With Horace Silver, Miss Terry reveals a deeply introspective man and profound thinker. Mr. Silver was – and this might seem surprising to some – a dedicated vegetarian. On the face of it this might not have much of a bearing on Jazz. However, in the context of Mr. Silver’s music such as that on Serenade to a Soul Sister, which reveals his deeply spiritual nature and, toward the end of that chapter, the significance of the pianist’s own imprint Emerald Records. Miss Terry also draws the relatively shy Horace Silver into a deeply meaningful discussion on religion. Miss Terry is equally masterful while probing Bill Evans on his quiet relationship with music.
Drawing out her subjects is something Lilian Terry is very good at. She does a wonderful job of poking the notoriously slippery Duke Ellington and getting him to reveal his own spiritual ideals and thoughts about religion, not to mention his own songs and where they came from. In the case of Max Roach, Miss Terry is gentle yet firm as she pins down the drummer in discussions about Black power that achieved the greatest prominence in music under his watch, while her incredible empathy for Abbey Lincoln who was deeply saddened by her separation from Max Roach.
Miss Terry’s accounts of steer the notoriously flirtatious Duke Ellington are elegantly humorous. And it is extraordinary to find how Ray Charles, often – and now we know, wrongly – portrayed as more than flirtatious, conducts him with extraordinarily gentlemanliness. But the most revealing and longest chapter in the book comes at the end and it is one that describes Miss Terry’s long and eventful relationship with Dizzy Gillespie. It is not only an intimate portrait of one of the most iconic figures in all of music, but a record of how his music affected his fans.
Lilian Terry’s account of life with Dizzy Gillespie is luminous also because she had a musical relationship with him, recording Oo-shoo-be-doo-be, a significant Jazz album in Milano. Dizzy Gillespie also enabled Miss Terry to fulfill her dream to found an institution, The “Dizzy Gillespie” Popular School of Music, which was founded in Bassano del Grappa, Italy in 1983, to keep youth off the streets and which was significantly expanded in 1987 to include non-seeing children. Clearly, Dizzy Gillespie was more than just a subject for an interview, or even a series of interviews.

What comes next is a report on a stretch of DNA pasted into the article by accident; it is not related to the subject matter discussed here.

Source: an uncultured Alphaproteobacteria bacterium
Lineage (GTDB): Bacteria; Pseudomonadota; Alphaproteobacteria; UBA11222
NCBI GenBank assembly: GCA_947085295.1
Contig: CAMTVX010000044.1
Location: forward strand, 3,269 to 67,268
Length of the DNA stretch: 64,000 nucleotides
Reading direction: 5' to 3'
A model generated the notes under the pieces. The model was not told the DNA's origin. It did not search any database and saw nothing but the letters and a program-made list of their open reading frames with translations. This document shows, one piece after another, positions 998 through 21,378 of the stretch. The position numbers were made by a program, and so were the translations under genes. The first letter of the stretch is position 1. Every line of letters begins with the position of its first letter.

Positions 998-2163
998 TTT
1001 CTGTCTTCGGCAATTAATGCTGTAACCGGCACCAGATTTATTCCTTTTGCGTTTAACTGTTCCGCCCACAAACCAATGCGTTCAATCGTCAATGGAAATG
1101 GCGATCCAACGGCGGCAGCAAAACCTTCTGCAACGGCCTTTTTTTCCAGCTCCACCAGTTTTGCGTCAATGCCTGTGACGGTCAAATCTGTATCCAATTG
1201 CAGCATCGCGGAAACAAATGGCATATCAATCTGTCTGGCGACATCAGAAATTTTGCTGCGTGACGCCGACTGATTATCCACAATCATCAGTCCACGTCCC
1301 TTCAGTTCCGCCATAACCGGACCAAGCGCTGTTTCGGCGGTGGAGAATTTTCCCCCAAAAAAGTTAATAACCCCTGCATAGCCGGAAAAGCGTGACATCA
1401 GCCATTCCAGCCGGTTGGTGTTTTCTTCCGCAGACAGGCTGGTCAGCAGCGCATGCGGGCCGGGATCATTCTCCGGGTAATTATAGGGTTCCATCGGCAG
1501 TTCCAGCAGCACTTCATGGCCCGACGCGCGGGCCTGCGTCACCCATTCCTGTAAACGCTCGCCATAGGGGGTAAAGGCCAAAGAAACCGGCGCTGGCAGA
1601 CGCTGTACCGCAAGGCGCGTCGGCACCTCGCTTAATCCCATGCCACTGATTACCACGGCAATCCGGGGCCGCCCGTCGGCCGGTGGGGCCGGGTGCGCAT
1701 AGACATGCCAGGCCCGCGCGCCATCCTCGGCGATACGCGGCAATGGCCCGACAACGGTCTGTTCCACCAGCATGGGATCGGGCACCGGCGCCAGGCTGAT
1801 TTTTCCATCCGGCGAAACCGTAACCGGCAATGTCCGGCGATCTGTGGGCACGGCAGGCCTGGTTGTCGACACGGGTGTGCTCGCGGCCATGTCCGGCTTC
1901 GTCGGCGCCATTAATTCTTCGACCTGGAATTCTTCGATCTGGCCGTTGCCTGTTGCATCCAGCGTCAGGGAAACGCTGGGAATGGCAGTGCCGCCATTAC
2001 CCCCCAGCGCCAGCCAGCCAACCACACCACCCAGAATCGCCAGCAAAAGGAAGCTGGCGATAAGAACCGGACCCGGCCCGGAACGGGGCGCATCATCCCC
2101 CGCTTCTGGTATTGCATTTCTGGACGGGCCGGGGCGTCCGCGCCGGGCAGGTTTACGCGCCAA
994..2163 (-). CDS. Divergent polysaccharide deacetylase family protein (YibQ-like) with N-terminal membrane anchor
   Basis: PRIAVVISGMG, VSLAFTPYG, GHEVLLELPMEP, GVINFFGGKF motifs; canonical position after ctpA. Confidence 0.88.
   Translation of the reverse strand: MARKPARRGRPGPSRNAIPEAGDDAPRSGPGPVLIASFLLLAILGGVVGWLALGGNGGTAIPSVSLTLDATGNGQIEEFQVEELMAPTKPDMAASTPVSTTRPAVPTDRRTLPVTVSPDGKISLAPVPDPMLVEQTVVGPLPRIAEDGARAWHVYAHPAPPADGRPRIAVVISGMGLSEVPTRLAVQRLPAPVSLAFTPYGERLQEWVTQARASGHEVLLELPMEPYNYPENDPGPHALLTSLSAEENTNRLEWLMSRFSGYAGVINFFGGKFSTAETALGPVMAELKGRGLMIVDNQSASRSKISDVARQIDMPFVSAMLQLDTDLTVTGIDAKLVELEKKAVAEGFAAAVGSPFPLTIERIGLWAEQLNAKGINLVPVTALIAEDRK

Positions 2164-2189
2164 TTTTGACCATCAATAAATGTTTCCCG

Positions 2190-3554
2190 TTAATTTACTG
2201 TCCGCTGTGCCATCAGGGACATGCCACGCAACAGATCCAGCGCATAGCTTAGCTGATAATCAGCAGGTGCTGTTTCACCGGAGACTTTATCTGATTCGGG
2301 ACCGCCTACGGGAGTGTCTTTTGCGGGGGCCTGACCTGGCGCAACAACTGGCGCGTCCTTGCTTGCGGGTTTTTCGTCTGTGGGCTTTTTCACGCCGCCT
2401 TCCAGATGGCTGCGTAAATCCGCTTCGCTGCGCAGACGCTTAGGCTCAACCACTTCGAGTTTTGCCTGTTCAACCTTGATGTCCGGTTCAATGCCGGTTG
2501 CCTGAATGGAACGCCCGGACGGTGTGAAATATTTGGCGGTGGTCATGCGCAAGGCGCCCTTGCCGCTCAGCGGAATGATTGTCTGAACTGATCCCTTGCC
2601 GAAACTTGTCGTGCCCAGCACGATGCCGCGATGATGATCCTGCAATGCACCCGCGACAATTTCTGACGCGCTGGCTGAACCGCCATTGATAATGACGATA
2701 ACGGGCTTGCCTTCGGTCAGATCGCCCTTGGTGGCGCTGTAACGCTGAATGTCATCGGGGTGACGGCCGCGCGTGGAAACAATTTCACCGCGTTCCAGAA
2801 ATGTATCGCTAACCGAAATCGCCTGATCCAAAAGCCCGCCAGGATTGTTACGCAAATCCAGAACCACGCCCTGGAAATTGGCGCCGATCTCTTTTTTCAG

But this is the case with all of the seven icons are the pillars that hold up the entire edifice of the book. But each is erected on more than just excellent reportage. Each is deeply-thought about, where each unguarded moment is brilliantly captured and described so vividly that often – especially in Miss Terry’s description of Abbey Lincoln’s sad divorce from Max Roach – we feel as if we ourselves are right there in the room with them.
In this regard the book is a wonderful addition to a library that must also certainly consist of Les musiciens de jazz et leurs trois vœux written between 1960 and 1966 by Pannonica de Koenigswarter, (Buchet Chastel, 2006), later published in its English translation Three Wishes – An Intimate Look at Jazz Greats (Abrams Image, 2008) and Born Under the Sign of Jazz by Randi Hultin (Sanctuary, 2000). Yes, Dizzy, Duke, Brother Ray and Friends by Lilian Terry is that good. But Miss Terry’s is unique because she is also a Jazz singer who famously fell in love with Johnny Hodges’ “Star-Crossed Lovers” virtually starting her on the quest to find Johnny Hodges with Duke Ellington, Jazz in general and to even sing her tribute to the great alto saxophonist whenever she has the opportunity.
Published by – University of Illinois Press
ISBN – 978-0-252-08316-7
Price – US$ 24:95